Summary Top

The study consists of implantation of Cardona type through and through corneal transplants made of poly­methylmethacrylate in four cases. They have been followed over a period of two to three years. The trans­plant has been extruded in one case while well tolerated and transparent in three cases.

  Acknowledgement Top

This study was undertaken with the grant provided by the Indian Council of Medical Research.

  References Top

Alamillo Tolles. M., and Alamillo Ruiz. Implantation of an artificial cornea. American Journal Ophthal­moly, 56: 927, 1963.  Back to cited text no. 1
Barraquer, J., (1960) cited by Cardona.5  Back to cited text no. 2
Binder, H. F., and Binder, R. F. Experiments on plexiglas corneal implants. Am. J. Oph., 41: 5, 1956.  Back to cited text no. 3
Brown, S. I., and Dohiman, C. H. 1963 cited by Polack. 14  Back to cited text no. 4
Cardona, H. Keratoprosthesis. Am. J. Oph., 54: 284, 1962.  Back to cited text no. 5
Cardona, H. Plastic Keratoprosthesis. Am. J. Oph., 58: 247, 1964.  Back to cited text no. 6
Cardona, H. Mushroom Trans Corneal Keratoprosthesis. Am. J. Oph., 68: 604, (1969).  Back to cited text no. 7
Castroviejo, R., Cardona, H., and Devoe, A. G., Present Status of Prostho-keratoplasty. Am. J. Oph., 68: 613, 1969.  Back to cited text no. 8
Day, R. Implantation of plastic disc in cats and rabbits, cited by Alamillo. 1   Back to cited text no. 9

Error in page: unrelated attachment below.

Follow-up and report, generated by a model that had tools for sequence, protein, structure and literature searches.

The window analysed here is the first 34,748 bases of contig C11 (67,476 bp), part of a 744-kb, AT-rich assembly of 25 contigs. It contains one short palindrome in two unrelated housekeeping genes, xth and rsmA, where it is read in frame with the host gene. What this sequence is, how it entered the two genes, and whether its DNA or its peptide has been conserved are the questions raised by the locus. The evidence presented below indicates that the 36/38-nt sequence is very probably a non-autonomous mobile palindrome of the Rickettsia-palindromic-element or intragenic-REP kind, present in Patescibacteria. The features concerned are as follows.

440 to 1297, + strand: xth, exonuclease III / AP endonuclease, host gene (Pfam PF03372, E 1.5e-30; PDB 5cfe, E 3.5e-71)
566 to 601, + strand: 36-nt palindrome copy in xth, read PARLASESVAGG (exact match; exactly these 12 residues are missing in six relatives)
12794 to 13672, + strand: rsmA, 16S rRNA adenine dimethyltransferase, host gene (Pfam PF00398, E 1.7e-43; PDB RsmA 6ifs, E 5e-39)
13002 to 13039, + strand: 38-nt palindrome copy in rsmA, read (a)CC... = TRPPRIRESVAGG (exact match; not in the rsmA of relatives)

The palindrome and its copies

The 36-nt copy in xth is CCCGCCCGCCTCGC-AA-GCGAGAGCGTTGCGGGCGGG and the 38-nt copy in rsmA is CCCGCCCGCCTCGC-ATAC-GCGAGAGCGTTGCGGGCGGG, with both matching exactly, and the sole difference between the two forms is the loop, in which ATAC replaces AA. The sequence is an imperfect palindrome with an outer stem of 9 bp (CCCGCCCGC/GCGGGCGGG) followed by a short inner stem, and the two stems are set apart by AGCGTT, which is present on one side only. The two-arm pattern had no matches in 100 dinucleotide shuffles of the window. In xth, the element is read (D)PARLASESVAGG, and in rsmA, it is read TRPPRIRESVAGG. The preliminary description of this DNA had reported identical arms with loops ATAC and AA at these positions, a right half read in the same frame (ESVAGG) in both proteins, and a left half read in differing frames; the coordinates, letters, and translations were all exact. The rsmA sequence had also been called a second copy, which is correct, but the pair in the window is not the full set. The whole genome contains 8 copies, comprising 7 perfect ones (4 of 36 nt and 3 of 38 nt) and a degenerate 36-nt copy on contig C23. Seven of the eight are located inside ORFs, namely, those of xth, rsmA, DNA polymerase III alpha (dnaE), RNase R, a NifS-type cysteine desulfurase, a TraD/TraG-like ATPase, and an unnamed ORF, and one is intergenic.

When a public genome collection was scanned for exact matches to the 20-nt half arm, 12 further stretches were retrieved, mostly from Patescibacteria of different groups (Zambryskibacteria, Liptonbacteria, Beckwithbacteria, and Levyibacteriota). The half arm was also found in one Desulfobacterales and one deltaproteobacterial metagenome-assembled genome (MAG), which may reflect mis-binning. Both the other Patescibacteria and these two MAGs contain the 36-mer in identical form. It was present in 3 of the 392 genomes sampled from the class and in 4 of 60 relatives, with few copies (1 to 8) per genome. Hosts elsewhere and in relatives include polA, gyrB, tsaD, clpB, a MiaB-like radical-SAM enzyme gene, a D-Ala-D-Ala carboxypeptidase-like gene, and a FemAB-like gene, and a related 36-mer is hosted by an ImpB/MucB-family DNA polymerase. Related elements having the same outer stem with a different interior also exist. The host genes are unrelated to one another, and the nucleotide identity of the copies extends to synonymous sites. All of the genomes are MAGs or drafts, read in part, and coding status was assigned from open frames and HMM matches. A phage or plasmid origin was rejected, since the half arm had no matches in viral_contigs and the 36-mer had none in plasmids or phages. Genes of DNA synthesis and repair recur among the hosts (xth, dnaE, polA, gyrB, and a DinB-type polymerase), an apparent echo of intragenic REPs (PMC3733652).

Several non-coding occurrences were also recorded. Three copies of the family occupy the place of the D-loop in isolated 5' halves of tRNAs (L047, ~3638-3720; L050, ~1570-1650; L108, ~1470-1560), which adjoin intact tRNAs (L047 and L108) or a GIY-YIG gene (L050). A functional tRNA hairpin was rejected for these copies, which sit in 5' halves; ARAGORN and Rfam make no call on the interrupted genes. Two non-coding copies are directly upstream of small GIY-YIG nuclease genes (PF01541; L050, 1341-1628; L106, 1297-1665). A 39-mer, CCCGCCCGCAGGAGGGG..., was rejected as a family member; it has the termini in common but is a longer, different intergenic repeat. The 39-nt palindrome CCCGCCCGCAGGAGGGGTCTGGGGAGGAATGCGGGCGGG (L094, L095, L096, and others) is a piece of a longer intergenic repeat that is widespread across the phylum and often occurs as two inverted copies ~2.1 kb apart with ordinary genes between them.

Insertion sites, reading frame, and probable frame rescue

Dorzee, M. J., 1954 cited by Cardona. 5   Back to cited text no. 10
Gyorffy, I. Acrylic Corneal implants in keratoplasty. Am. J. Oph., 34: 757, 1951.  Back to cited text no. 11
Legrand, J., 1958, cited by H. Cardona. 5   Back to cited text no. 12
MacPherson, D. G., and Anderson, J. M., British Medical Journal, 2, 330, 1953 and 1: 819, 1954.  Back to cited text no. 13
Polack, F. M. Corneal Optical prosthesis. Am. J. Oph., 55: 838, 1971.  Back to cited text no. 14
Stone, W., and Herbert, E. Experimental study of plastic material and replacement for the cornea. Am. J. Oph., 36: 168, 1953.  Back to cited text no. 15
Stone, W., Jr. Alloplasty in surgery of the eye 1958 cited by H. Cardona. 6   Back to cited text no. 16


  [Figure - 1], [Figure - 2], [Figure - 3], [Figure - 4], [Figure - 5]

  [Table - 1]